First Black Lawyer in Canada
The sense of freedom gained by Blacks in
the Amherstburg region has led to major achievements by an impressive
list of individuals and stellar contributions to our entire nation.
The Walkerville Times examines the lives of some of these individuals
in an occasional series. This story is courtesy of The North American
Black Historical Museum in Amherstburg, Ontario.
James Davis, a former
slave from Virginia, relocated to Colchester Township in 1850. Determined
that his children not be enslaved by ignorance, Davis hired a private
teacher to instruct his children until a school could be built.
In order to further his
education, his son Delos worked as a deckhand on the steamer Forest
City and as a fireman on the tug Castle. Obtaining a teaching certificate,
he taught school in Gilgal, Michigan for four years before he pursued
his ambition to enter the legal profession.
In 1871, Davis was appointed
commissioner for taking affidavits. Two years later he was appointed
a notary public. But racism prevented Davis from becoming a lawyer.
It was a requirement of the Law Society of Upper Canada that individuals
studying law must article for a period of time with a lawyer prior
to taking the entrance exams for admission to the bar of Ontario.
However, no lawyer would
hire Delos Davis to article under them. For eleven years, Delos
Davis studied and practiced law at the level of legal clerk
he was prohibited from handling most legal matters not having
been admitted to membership in the Ontario bar, a "catch 22".
Versed in the law and
certain to pass the final examination of the Law Society, Davis
applied to the Ontario Legislature to pass a private members
bill to authorize him to practice as a lawyer.
The bill was introduced
by W.D. Balfour, M.P.P. for Amherstburg. On May 25, 1884, "an
act to authorize the Supreme Court of Judicature for Ontario to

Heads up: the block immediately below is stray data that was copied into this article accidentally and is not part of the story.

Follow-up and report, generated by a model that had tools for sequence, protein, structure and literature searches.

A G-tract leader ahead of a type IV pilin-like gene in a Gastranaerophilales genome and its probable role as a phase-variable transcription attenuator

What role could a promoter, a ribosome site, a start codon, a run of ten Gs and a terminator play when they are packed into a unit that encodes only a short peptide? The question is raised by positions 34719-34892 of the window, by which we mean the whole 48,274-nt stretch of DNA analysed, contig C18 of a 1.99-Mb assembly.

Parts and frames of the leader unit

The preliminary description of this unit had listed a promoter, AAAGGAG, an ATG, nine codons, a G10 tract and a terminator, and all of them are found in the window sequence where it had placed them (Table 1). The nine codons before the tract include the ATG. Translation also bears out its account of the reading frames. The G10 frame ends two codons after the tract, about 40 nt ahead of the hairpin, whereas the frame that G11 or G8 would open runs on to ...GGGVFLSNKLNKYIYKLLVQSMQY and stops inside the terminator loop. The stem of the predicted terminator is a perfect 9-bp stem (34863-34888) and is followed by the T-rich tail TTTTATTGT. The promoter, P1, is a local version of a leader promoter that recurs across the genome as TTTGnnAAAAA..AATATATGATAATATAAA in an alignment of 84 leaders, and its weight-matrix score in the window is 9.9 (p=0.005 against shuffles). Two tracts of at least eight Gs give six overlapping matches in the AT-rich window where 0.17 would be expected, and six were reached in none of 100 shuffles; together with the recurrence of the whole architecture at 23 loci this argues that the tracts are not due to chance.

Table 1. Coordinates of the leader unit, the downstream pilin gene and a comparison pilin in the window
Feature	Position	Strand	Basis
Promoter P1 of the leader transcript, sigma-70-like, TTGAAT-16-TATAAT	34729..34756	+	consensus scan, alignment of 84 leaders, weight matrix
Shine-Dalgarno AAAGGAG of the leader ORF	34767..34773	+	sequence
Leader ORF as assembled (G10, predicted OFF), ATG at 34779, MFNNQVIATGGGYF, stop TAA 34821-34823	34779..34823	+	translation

admit Delos Rogest Davis to practice as a solicitor" received
This act provided that
Davis be permitted to take his final law examination in order to
obtain admission to the Law Society of Upper Canada, notwithstanding
the fact that he had not complied with the articling requirements
of the Law Society. On taking the examination, Davis stood first
in the class of thirteen candidates and was admitted to the Ontario
bar on November 15, 1886.
In the spring of 1892,
Davis and his wife, the former Nancy Jane Mitchell, moved to Amherstburg
where Davis established a law office on Ramsay Street. He also opened
an office on Goyeau Street in Windsor and soon became a noted criminal
lawyer. During his career, he was counsel in six of the leading
murder cases in the county, defending five and prosecuting one,
winning every case. Davis was also solicitor for the Town of Amherstburg
and the Townships of Anderdon and Colchester North.
On November 10, 1910,
his merits were recognized by the Ontario Government, which appointed
him a Kings Council, "the first Black so appointed in
the United Kingdom of Great Britain and Ireland and the British
The eldest son of Davis
followed in his fathers footsteps. Frederick Homer Alphonso
Davis (1871-1926) became the second Black lawyer to be called to
the Ontario bar when he graduated from Osgoode Hall in 1900, joining
his father in the Amherstburg law firm of Davis and Davis. Another
son, Delos Rogest Davis, Jr. (1875-1921), became a conveyancer and
While still a law student,
assistant Crown Attorney, Lloyd Dean, great grandson of Delos, was
instrumental in establishing the Delos Rogest Davis, K.C. Memorial
Scholarship in 1990, a permanent fund available for any deserving
3rd year law student attending the University of Windsor.